Republicans Worried Wrong A-Hole Is Fronting Their A-Hole Policies

Are Republicans freaking out about the wrong a-hole representing their a-hole policies?

Speaking to the press after a campaign rally in his home state of Wisconsin, Governor Scott Walker (R) told members of the media that he and many of the other Republican candidates for president are “tremendiciously concerned” about Donald Trump. Walker, a man who spurns the merits of education, called Trump “a vacuous, stubborn, asshole who spews toxic crap everywhere he goes” but told reporters “that’s not not even close to why” he and his fellow GOP hopefuls are concerned about Trump’s run. According to Walker, it’s because Trump is “the wrong asshole for the job” that Walker doesn’t want him out front.

“It’s not that he’s an asshole — we’re all assholes. I mean, how do you live life in 2015 and honestly stand in front of the American people and tell them we don’t help the rich enough, but we help the poor too much,” Walker asked the reporters rhetorically. “Our polices are asshole policies. We’re against gay marriage so much we’d rather just stop issuing marriage licenses to everyone instead of being respectful of LGBT people,” Walker said, adding, “we flatly oppose health care reform, climate change solutions and even an historic nuclear arms deal with Iran, and all without offering a single, viable solution as the alternative. In fact, our solution is precisely to have no solution — because government solutions are bad to us, remember, so laziness excused as ‘principle’ is what wins the day for our voters. We are assholes.”

A few hundred miles away in Ohio, Jeb! (R-FL) was echoing Walker’s sentiments. Telling the press that “while [he] totally understand[s] Trump’s appeal and even is jealous of his ability to literally say the things we all want to say but are too afraid to” he is concerned about Trump’s unwillingness to couch his rhetoric in platitudes. “See, we Republicans aren’t afraid to front the nonsensical, antiquated policies of the past — like, say, supply side economics — but we always have to be sure to hide the subtext of our rhetoric. Trump just comes out and says racist, xenophobic and downright stupid stuff. It’s the stuff our base believes, and it’s the stuff they want to hear, but he’s doing it all wrong. This country needs a president with a family pedigree of championing stupid economic policies and woefully overly-aggressive and misguided wars that knows how to dress-up the Republican crazy with prettier words.”

“He’s just not very good at obfuscation,” Sen. Lyndsey Graham (R-SC) told an audience of about two dozen people at a doughnut shop just down the street from his studio apartment in Washington, D.C. Graham told those near him that “Republican politicians go through a grueling, 15-day bootcamp where you are ridden hard, you are hidden fast, and you are trained to say, think and feel the most horribly regressive things, but to do so in a way that makes you the victim if someone calls you out on it.”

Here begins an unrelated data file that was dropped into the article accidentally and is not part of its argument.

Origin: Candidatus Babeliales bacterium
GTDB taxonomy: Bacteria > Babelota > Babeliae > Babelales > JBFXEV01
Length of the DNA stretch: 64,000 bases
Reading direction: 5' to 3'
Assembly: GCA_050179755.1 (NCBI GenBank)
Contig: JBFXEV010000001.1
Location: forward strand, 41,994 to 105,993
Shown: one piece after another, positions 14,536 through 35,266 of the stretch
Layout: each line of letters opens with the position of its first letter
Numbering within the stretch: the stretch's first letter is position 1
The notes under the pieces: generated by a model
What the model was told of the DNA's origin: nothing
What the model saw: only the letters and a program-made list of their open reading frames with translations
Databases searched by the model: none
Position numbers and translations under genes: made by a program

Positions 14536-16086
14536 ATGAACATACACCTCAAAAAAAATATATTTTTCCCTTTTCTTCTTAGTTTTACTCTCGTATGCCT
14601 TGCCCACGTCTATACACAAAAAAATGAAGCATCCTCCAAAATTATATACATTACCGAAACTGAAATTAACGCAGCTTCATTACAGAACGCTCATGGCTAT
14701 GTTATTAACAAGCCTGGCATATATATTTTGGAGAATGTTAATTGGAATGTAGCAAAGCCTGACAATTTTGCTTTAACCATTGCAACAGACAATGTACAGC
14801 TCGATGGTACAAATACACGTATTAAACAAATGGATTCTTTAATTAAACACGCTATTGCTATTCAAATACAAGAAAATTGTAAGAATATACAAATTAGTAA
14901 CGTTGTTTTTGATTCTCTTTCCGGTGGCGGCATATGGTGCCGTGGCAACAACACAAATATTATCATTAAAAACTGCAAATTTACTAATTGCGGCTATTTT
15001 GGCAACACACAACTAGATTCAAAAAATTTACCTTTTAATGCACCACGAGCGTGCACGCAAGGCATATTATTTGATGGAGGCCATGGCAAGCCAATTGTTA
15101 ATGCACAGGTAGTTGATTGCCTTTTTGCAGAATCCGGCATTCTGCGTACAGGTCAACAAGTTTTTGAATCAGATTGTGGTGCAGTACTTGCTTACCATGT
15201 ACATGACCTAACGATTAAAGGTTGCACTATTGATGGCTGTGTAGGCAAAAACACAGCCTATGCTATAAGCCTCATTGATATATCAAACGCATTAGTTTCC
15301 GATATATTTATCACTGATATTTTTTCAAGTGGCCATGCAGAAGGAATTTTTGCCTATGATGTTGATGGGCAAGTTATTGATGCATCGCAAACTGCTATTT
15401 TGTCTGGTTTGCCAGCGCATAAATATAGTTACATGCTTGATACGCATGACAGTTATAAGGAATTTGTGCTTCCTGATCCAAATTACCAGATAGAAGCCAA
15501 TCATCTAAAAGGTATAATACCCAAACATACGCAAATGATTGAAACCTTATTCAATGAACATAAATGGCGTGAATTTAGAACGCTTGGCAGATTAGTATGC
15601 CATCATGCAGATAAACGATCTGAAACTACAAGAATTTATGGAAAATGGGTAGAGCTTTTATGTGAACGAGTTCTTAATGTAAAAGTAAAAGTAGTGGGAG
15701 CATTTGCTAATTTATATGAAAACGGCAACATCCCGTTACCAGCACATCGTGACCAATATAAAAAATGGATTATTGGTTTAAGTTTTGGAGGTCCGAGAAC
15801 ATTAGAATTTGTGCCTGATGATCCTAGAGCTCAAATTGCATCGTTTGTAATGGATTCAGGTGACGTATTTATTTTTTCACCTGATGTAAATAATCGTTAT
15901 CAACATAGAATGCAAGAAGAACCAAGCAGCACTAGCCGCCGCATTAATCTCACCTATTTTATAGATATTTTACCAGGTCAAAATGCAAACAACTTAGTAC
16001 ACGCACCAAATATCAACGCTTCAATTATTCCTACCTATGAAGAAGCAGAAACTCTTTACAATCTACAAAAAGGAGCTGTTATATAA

Graham later told the same doughnut shop patrons that  he and his fellow Republican politicians are “given tools” that allow “[Republican politicians] to talk about denying basic civil liberties to LGBT people or removing barriers to racial discrimination at the voting booth” despite their party’s well-documented efforts to disenfranchise minority voters and then “turn around and get indignant when people rightly point out our hypocrisy and/or the fact that what we’re actually doing is advocating status quo oppression.” Graham says that if Trump just keeps “boldly and nakedly shouting out the subtext of what we want instead of the flowery, bullshit-laden version of it we try to sell to the voters our jig is up.”

“The entire Republican brand right now is built on a smoke and mirrors approach to what we want America to look like,” Republican National Committee chairman Reince Priebus told the media in his weekly press conference. “It’s not so much that what Donald is saying isn’t what we believe in. Of course it is. We’re anti-immigrant. We’re anti-social safety net. We’re unconcerned with climate change, and we’re totally misogynistic about women’s rights form equal pay to abortion,” Priebus said. “But we can’t just go around saying this crap out loud. We have to hide it, couch it, and pretend as if what we’re saying is normal instead of weird and backwards set against our modern times.”

Sen. Ted Cruz, who many figured would be the most outlandish and stridently declarative in his conservative rhetoric before Trump hit the scene, differed from his fellow Republicans and many feel may be trying to position himself as a possible Trump VP candidate. “I think Donald’s wonderful,” Cruz told reporters this week.

“He’s not squishy,” Cruz continued. “He just says what he feels needs to be said, regardless of its inherent lack of logic, empathy or common sense. That’s Republican. He caters to the fears and paranoid delusions of a dwindling populace that has some Pollyanna style vision of what America was 50 years ago. That’s Republican. If you ask me, these other jackasses are missing a golden opportunity to hop on the wagon of the most Republican candidate in years. I’m pro-Trump, because Republicans need to be willing to be the stubborn, ranting, anti-intellectual, old fashioned, stick in the mud, oppressive, status quo defending assholes in the room.

“The moment we stop being that, is the moment the terrorists, and more dangerously the Democrats, win,” Cruz concluded somberly.

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